With sustained winds of 195 miles per hour and gusts reaching 235 miles per hour, Super Typhoon Haiyan (local name: Yolanda) slammed into the easternmost islands of Samar and Leyte, and bulldozed its way across the Visayas, before finally leaving through Palawan. This being the strongest tropical storm ever to hit land on record, no one was exactly prepared for the mayhem it would leave behind.
We have yet to receive reports from the eastern shoreline towns of Samar, but judging from the experience of the provincial capital city of Tacloban in Leyte, we expect the casualty figures to rise above 2,000. (Breaking news: Officials now say the death toll could hit 10,000.) Based on the typhoon’s path, we also expect damages and casualties in the northern tip of Cebu and Bantayan Island, the northern part of Iloilo and again, in northern Palawan and the island of Coron.
In Tacloban alone, power and water have not been restored. Looting has been reported, as there is a breakdown in law and order brought about by the chaos and confusion, the hunger, fear and pain. The main cause for the casualties was the storm surge – sea water rising as high as 3 floors, brought in by the strong winds – which has never been experienced here before. The storm surge caused massive floods, flushing out people hiding in their houses; but only to be left at the mercy of flying debris including entire roofs, trees and branches, and even cars.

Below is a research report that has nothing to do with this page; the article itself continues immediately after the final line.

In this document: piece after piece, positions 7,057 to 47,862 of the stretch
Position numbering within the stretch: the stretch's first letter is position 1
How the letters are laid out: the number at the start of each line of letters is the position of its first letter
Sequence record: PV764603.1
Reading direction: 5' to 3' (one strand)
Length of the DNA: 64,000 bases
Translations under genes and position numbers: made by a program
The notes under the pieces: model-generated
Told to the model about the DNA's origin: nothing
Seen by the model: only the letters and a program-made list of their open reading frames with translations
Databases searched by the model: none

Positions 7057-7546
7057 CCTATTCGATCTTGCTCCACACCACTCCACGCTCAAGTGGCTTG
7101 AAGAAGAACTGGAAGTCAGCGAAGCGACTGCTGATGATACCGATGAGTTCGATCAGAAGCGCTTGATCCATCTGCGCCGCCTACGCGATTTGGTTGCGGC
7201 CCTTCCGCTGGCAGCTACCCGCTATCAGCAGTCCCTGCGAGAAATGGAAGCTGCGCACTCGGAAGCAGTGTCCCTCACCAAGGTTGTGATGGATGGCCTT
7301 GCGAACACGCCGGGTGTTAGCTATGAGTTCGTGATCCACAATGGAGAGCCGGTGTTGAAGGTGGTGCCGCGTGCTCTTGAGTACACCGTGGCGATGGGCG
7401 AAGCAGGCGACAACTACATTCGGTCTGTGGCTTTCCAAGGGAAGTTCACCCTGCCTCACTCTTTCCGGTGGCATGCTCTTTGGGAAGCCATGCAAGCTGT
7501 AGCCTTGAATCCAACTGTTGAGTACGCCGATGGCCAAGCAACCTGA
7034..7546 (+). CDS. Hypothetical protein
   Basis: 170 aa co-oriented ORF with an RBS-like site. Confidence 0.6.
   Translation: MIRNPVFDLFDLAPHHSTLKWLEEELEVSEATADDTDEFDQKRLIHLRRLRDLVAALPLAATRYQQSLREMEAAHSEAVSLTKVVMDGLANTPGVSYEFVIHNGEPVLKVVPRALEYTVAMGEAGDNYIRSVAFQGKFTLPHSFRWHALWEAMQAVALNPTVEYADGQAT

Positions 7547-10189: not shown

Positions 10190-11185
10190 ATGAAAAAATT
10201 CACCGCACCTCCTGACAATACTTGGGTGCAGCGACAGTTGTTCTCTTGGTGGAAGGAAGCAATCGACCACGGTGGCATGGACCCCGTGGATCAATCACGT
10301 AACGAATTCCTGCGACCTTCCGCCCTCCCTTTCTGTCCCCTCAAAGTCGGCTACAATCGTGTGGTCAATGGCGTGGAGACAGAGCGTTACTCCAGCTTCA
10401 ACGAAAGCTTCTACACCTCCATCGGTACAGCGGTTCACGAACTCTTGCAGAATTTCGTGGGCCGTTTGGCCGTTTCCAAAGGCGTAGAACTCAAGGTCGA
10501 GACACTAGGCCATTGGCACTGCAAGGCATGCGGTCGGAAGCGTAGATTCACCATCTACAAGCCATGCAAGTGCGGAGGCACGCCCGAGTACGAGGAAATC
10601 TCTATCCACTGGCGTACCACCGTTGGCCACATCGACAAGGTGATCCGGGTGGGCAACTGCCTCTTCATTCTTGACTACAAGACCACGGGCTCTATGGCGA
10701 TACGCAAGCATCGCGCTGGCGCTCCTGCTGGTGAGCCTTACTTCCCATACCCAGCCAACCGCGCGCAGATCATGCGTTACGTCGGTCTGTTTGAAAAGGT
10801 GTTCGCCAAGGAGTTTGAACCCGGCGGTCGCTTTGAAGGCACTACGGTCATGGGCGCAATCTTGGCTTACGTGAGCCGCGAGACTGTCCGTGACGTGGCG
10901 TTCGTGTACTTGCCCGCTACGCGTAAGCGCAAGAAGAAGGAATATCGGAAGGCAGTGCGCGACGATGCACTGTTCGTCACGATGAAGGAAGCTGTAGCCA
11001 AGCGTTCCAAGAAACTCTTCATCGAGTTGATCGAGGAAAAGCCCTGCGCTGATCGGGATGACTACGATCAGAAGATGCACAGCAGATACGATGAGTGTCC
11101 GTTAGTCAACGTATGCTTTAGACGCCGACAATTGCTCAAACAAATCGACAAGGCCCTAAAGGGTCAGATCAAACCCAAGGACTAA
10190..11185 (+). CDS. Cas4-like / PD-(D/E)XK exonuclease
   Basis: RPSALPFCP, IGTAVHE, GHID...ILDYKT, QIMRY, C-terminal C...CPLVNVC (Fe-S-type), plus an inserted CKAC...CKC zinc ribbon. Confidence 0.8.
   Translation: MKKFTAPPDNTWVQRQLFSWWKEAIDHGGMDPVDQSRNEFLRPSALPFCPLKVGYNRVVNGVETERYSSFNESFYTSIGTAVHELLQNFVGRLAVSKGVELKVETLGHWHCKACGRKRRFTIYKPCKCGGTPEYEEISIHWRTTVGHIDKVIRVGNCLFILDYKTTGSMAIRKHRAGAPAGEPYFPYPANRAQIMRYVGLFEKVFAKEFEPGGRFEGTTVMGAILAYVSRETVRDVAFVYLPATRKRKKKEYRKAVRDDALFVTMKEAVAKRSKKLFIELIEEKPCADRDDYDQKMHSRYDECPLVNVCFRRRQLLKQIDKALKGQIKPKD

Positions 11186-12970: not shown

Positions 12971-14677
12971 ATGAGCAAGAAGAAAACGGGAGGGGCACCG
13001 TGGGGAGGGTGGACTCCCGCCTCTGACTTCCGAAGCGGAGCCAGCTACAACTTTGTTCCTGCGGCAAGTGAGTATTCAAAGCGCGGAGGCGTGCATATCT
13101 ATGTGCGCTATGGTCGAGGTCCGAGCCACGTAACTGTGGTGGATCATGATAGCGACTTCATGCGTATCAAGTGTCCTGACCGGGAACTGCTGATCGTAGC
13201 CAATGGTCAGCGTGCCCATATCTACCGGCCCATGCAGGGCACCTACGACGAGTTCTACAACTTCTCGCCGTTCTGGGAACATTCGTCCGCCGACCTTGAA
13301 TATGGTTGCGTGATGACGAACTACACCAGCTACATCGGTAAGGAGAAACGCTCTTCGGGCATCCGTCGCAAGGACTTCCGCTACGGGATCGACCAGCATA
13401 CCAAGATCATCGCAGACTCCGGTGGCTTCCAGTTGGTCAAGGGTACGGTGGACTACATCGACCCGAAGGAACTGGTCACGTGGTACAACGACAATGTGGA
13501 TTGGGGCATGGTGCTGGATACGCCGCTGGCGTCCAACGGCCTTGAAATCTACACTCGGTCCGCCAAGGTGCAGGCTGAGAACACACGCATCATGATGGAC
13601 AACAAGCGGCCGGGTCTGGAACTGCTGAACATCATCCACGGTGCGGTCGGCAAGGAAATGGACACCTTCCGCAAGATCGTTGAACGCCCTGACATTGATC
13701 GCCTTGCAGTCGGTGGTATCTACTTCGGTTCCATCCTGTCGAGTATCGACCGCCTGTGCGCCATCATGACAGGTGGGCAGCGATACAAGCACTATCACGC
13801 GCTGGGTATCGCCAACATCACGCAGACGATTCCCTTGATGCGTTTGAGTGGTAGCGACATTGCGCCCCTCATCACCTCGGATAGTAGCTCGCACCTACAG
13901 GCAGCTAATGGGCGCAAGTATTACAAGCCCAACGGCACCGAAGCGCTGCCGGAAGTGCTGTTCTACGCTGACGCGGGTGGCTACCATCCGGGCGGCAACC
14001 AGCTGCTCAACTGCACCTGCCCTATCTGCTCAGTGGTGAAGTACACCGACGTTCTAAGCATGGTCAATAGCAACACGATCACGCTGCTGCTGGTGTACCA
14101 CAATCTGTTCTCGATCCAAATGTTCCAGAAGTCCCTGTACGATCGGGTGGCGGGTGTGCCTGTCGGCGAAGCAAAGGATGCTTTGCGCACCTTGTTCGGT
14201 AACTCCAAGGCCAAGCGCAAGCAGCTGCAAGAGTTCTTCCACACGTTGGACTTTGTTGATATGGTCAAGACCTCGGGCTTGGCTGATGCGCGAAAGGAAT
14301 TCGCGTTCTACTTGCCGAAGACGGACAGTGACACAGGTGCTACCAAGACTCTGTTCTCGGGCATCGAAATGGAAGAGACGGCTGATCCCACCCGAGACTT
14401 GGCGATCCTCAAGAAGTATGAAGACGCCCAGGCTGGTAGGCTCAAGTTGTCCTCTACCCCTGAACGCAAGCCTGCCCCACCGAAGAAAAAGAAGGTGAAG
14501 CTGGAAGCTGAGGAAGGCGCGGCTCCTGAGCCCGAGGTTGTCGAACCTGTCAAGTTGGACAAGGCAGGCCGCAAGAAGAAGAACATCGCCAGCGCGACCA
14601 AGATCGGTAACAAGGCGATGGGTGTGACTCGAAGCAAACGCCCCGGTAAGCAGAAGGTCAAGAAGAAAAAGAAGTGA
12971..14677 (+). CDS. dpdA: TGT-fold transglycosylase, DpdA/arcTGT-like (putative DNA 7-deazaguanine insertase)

The havoc created turned Tacloban into a virtual war-zone, with damages that could easily surpass that of the recent earthquake in Bohol. Earthquake-hit Bohol was lucky it was not along the path of the storm, considering how delicate its soil remains from the numerous sinkholes and the unstable land condition. Boholanos, having received so much support recently for the earthquake victims, are now mobilizing to extend support to their neighboring provinces of Leyte and Samar.
That said, it is obvious that the ‘New Normal’ in our climate and environmental conditions will have to be studied more carefully now. This was made clear by an official from Tacloban who said: “We are so used to storms already. But we were not prepared for one of this intensity.” It is time to review our preparations, and think of scenarios far worse than our present worst-case scenarios provide us.
For more stories on Super-Typhoon Yolanda, pls visit:
- A Survivor’s Story: The Aftermath
- Philippine Lessons in Post-Disaster Recovery
- Once Upon A Tragedy: A Photo Story of When Haiyan Struck the Philippines
- We Need More Volunteers!!!
- What was Super Typhoon Yolanda Really Like?
- What Can We Do To Help Our Yolanda Victims?
- Things Will Get Worse Before They Get Better
- Help is on the Way!
- A Survivor’s Story
(Photos courtesy of mirror news, AFP/EPA, guradian.com, ndjglobalnews.com, nationalpost.com, indiatimes.com, nst.com, rediff.com)